Softball season is upon us and my daughters made their school teams. Of course the inevitable happened, both girls had games scheduled at the same time in different boroughs. When I told my 14-year-old I wasn’t going to Staten Island to see her play because it was too much travel and I hate the heavy, unpredictable traffic over there, she hit me with an emotional sledgehammer.
“But you went to my sister’s game in Staten Island!”
BAM! There it was, the guilt for the sin of treating my children differently.
I try hard to avoid doing this since I know my girls are keeping score, looking to see if their suspicions and fears that I love one of them more than the other are true. They keep track of important milestones — when did the oldest one get her first cellphone (and how expensive it was), when did her allowance go up (and by how much), when did her curfew change (and how late could she stay out), and record every gift received, each event I’ve attended or missed, and who got every extra cupcake or the larger scoops of ice cream.
Perhaps sibling rivalry is about competing for your parents’ love and affection rather than achieving more than your brother or sister. And it’s a big deal. I know my mother, in her eighties, still stings from perceived slights in her childhood, that her now-dead sisters somehow waylaid some of their mother’s attention —and jewelry — unfairly.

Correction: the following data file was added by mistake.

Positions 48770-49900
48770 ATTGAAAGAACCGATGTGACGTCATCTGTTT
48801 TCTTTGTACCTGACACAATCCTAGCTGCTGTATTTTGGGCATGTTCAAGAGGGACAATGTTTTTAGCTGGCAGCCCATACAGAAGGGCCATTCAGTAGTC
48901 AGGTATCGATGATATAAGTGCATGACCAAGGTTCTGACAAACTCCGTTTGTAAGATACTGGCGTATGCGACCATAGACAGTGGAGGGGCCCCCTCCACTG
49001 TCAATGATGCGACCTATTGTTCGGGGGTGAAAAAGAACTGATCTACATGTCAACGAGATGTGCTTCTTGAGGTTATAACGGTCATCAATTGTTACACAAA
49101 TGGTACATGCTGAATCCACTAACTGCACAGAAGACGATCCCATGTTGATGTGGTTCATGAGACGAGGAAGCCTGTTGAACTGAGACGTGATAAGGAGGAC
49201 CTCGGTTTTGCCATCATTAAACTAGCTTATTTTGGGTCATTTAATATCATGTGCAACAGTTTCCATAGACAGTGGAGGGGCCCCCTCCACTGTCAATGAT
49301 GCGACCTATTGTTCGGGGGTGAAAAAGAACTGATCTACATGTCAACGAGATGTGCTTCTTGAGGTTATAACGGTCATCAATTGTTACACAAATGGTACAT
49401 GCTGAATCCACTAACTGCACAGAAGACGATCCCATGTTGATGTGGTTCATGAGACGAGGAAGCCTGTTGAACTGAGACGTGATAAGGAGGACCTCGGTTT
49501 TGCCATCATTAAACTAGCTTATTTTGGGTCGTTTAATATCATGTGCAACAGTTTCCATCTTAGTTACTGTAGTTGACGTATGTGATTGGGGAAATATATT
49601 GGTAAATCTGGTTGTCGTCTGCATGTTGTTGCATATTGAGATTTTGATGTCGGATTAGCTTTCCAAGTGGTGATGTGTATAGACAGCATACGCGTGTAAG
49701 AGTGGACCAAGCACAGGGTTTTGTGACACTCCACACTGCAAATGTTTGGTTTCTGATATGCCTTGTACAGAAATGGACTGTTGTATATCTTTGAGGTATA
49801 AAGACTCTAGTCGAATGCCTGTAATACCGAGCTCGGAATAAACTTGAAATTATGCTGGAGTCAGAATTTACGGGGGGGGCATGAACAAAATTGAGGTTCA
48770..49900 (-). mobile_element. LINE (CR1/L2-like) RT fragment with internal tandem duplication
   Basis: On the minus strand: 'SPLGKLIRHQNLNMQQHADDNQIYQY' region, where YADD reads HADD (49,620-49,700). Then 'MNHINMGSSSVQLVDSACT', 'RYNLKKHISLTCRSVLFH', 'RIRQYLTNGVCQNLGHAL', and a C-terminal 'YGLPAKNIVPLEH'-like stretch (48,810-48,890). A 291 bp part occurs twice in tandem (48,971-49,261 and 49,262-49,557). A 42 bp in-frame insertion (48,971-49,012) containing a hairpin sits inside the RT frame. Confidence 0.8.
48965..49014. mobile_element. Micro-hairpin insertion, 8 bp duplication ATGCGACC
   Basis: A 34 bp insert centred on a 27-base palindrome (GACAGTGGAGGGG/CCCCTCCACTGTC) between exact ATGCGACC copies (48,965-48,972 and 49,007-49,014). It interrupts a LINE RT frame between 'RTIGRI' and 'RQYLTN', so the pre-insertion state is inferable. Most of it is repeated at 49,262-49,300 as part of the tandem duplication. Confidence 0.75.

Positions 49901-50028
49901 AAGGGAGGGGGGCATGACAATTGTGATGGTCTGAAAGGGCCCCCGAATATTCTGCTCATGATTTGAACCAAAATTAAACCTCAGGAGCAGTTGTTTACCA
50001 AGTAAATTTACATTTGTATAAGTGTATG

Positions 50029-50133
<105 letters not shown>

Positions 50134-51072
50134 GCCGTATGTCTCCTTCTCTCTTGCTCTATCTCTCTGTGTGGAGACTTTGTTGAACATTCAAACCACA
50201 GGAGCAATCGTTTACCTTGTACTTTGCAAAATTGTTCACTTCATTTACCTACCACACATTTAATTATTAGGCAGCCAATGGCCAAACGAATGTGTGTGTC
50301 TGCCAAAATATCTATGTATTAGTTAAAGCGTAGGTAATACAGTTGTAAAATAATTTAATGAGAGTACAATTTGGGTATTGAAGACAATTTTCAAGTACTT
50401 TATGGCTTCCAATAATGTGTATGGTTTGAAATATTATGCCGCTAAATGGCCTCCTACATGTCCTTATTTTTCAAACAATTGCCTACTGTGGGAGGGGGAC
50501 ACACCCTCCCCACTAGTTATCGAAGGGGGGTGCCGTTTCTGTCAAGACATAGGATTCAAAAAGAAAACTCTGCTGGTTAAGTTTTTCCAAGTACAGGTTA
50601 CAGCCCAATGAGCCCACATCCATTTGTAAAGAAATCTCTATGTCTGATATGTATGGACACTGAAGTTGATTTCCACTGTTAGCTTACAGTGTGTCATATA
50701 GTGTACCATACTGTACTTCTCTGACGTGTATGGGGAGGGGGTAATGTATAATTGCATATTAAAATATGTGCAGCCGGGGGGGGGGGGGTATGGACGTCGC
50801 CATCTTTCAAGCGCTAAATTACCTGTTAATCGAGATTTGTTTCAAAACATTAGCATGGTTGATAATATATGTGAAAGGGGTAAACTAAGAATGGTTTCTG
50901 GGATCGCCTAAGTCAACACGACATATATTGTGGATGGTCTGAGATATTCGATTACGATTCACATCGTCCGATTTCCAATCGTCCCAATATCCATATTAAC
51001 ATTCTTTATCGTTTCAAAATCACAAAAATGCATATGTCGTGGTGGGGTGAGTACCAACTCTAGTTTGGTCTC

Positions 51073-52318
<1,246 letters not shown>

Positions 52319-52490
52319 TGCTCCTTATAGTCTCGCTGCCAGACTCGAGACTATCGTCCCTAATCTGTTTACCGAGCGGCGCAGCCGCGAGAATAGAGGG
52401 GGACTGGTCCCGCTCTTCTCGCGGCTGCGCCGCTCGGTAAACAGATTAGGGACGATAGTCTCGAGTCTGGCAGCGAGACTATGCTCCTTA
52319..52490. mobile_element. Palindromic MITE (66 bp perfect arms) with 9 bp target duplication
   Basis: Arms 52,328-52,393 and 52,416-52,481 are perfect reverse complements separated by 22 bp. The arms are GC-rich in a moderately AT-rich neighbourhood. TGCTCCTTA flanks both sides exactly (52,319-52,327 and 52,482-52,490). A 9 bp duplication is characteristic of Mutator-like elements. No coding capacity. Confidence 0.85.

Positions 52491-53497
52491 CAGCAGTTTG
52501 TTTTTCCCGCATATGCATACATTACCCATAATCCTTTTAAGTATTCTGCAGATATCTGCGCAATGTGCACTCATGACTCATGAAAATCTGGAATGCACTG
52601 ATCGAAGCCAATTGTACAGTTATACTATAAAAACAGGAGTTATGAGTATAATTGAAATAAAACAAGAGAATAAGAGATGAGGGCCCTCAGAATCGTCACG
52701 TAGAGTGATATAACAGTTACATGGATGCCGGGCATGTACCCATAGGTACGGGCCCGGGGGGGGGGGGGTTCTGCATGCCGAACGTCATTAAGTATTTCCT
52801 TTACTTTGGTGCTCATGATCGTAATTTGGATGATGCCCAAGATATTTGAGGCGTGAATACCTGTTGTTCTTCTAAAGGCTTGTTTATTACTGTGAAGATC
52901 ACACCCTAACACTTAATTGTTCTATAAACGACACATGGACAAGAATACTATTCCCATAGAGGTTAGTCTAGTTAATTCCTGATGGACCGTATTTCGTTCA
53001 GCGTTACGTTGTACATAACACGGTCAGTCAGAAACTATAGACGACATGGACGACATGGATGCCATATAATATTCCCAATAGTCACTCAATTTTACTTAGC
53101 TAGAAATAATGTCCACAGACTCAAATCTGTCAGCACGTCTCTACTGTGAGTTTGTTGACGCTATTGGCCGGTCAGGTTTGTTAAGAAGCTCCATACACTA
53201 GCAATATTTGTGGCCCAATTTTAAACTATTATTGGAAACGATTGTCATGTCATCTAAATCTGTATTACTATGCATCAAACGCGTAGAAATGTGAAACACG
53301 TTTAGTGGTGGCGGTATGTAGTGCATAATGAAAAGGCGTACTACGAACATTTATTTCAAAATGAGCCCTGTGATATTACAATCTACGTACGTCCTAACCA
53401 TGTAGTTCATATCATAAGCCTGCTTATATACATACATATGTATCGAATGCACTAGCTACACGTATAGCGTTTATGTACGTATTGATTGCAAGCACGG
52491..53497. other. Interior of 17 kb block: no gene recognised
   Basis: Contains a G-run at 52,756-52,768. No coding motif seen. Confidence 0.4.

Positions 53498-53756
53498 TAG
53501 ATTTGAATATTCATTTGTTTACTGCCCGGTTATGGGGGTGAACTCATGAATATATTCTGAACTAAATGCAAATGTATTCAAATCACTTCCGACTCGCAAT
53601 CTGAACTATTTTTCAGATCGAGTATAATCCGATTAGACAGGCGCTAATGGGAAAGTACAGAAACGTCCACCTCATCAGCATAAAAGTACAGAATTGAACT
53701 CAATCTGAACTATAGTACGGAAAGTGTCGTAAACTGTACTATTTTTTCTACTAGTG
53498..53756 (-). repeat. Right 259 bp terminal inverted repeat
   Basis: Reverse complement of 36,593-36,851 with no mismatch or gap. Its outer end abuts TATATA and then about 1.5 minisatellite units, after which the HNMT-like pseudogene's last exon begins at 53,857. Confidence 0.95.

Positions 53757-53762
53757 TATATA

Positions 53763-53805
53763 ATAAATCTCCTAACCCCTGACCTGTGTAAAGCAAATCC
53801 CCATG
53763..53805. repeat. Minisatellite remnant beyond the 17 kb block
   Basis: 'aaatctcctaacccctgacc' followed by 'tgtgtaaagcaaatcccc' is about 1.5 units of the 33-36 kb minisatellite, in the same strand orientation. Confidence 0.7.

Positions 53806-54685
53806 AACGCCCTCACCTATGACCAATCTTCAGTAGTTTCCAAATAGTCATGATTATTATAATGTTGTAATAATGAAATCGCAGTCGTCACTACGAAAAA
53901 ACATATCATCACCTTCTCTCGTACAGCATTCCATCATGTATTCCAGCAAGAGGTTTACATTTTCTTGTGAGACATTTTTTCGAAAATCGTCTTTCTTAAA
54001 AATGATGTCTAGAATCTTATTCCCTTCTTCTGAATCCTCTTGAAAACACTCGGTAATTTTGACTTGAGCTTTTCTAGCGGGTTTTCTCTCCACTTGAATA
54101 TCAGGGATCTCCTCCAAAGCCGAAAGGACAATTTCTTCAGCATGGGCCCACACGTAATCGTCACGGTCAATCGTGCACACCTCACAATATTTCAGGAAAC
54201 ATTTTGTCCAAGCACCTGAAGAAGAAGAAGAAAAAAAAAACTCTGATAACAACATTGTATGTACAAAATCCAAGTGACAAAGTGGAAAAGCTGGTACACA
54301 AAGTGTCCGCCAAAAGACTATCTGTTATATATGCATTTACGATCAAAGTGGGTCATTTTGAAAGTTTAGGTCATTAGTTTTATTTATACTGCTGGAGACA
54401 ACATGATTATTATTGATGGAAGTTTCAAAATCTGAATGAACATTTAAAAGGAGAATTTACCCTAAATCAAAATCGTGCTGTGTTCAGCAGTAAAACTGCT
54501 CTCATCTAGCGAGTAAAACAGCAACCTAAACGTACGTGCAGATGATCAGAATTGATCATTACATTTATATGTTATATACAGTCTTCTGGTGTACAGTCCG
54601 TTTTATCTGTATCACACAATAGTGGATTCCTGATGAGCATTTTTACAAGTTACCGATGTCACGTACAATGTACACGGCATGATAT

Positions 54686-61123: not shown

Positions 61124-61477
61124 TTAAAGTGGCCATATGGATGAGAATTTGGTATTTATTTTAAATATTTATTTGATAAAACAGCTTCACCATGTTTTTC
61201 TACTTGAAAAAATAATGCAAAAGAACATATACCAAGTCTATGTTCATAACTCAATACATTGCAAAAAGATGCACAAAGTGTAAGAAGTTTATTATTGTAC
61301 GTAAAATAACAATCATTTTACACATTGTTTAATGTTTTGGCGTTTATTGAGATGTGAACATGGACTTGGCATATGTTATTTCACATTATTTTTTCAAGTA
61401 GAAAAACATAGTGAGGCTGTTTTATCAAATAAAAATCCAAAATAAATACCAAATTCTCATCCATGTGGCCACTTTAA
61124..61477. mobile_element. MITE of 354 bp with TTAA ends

The truth is, I do treat my daughters differently. I do different things with them when we’re alone. The older one likes to talk politics, the younger one science. The older one likes to play with me in a pool or at the beach when we get a chance. The younger one likes to ride a bike or take a hike with me.
And I can admit to playing favorites at times. I’m really interested in my 17-year-old’s college quest right now and let this topic dominate family time. But when she was in 9th grade and we could barely speak to each other without exploding into an argument, I was happy to ignore her in favor of helping her younger sister with science projects or watching Disney shows.
They are different people, different ages, with different interests so it’s no wonder I have unique relationships with each of them. But does that mean I love one more than the other?
It is appealing to look for ways to count feelings, but I think they know that love isn’t measured in games attended, or pancakes cooked, or how long I clapped at one performance or another. Love is about accepting them for who they are and enjoying them in their unique ways. Just as they have a special relationship with each other, separate from me, my relationships with them are individual.
I didn’t go to Staten Island for that game even though I felt guilty about it and I was sorry to miss her victory. But when I told my youngest that I didn’t make it to her sister’s game either, I asked if that made her feel better.
“Yeah, a little,” she said, with a mischievous smile.